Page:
Sunshine on a cloudy day | How solar panels work in cloudy weather
Posted: 09 Sep 2016
As solar power, battery storage and renewable energy targets continue their upward trajectory, there are still a lot of misconceptions surrounding solar panels and solar systems.
Back in July, we addressed 6 popular solar myths. We’re going to delve a bit deeper into one of those 6 myths: Solar power only works on sunny days.
Aussie Aussie Aussie
Australia is definitely the land of sunshine, but still, we still experience cloudy and cold days, especially in winter [hello Melbourne]. This simple fact is this is what’s concerning so many Australians who have yet to invest in solar.
Let’s break it down. Solar panels basically absorb light, in the form of photons, direct from the sun. The panel itself, which is comprised of small photovoltaic [PV] cells made from silicon and conductors, convert that light that it absorbs in electricity. That electricity is then pushed into the inverter, via cables and wires.
Sunny and clear days will obviously provide the most photons, allowing the solar panels to produce the most electricity.
However, even on cloudy and overcast days, the diffused light will still reach the panels, allowing the production of up to 25% of the energy produced a clear day. A day that presents a light cloud cover, could produce up to 50% for you.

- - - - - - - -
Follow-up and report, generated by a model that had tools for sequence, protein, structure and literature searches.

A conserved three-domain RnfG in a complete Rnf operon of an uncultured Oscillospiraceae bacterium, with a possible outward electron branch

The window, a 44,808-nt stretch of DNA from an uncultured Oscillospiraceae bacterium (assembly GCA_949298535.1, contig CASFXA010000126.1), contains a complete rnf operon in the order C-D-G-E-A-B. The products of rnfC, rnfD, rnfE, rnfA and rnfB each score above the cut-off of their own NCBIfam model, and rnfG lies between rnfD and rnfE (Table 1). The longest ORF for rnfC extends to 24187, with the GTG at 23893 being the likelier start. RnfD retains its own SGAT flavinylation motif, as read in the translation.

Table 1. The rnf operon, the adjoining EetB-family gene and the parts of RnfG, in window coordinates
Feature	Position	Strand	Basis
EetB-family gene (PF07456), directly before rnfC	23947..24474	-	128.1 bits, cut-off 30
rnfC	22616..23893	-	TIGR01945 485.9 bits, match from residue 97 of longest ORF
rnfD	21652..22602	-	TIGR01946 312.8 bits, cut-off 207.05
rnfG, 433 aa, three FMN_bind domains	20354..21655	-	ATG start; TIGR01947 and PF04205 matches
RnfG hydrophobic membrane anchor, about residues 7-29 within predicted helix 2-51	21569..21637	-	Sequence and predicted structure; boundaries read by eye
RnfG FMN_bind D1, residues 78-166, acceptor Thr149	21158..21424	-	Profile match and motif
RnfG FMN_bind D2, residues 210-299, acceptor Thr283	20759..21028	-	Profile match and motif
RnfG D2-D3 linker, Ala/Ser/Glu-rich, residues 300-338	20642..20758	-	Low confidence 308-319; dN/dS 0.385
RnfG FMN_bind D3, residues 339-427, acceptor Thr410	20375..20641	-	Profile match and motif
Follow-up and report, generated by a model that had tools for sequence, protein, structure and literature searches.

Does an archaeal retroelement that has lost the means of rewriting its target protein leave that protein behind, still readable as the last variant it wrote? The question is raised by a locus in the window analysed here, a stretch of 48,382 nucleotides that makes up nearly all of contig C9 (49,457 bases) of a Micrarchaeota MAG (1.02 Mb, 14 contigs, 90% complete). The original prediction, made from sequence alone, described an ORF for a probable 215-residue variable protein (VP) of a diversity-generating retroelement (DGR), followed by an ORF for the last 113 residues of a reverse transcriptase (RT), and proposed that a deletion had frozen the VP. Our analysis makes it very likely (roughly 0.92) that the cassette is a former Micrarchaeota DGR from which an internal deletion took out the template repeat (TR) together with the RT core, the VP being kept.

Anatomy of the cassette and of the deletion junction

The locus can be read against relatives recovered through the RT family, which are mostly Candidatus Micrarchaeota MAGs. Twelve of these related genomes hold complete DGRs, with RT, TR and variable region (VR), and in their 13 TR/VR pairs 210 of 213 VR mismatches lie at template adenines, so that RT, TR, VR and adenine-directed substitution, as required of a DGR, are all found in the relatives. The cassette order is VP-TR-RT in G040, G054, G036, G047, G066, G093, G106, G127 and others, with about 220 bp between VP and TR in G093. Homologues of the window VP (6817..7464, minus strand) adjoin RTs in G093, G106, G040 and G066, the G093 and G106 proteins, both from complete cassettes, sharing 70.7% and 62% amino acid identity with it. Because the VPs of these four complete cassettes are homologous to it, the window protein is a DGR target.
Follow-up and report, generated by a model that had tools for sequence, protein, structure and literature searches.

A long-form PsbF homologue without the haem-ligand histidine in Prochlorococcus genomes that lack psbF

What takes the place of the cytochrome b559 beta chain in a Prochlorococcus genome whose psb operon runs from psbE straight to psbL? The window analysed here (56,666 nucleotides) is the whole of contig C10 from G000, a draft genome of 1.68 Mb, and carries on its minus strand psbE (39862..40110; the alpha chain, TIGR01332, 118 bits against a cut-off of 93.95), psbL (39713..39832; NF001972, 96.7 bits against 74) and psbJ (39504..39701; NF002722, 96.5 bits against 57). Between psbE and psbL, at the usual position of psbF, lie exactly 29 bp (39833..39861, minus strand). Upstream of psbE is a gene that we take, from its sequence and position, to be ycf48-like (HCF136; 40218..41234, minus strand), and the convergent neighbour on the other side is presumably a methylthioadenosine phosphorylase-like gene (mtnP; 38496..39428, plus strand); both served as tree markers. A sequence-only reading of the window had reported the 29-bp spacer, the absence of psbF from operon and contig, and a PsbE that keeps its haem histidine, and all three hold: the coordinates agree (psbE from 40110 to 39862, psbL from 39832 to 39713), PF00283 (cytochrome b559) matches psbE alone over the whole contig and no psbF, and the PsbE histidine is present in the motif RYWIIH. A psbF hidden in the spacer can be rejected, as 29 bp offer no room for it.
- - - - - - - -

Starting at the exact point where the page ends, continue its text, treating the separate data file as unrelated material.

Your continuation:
Even with our not so sunny and sometimes gloomy days here in Australia, we still do have the capacity to create more electricity through solar means, than we can actually use.
So, why wouldn’t we?
The Euro Factor
The European Union is aiming for 20% of their gross final energy consumption to be sourced from renewable energies by 2020. That’s a lofty goal for a union that includes Germany, Scandinavia and Great Britain [for now], as these are not countries known for their endless supply of sunny and clear days.
It’s quite the opposite really.
In fact, of the membered states, Croatia and Bulgaria have already surpassed their targets for 2020, with Latvia, Finland and Austria reporting that more than 30% of their final energy consumption is from renewables.
Do the math
Now that you have a clearer idea of how solar PV panels work and that they actually still do produce electricity on not so sunny days, why not investigate how much you could save by investing in a solar system for your home or business?
Check out our Solar Savings Calculator for a general idea of what size system would best suits your home or business, along with what you could save over the next five, ten or twenty years.
Rain or shine, solar makes sense.
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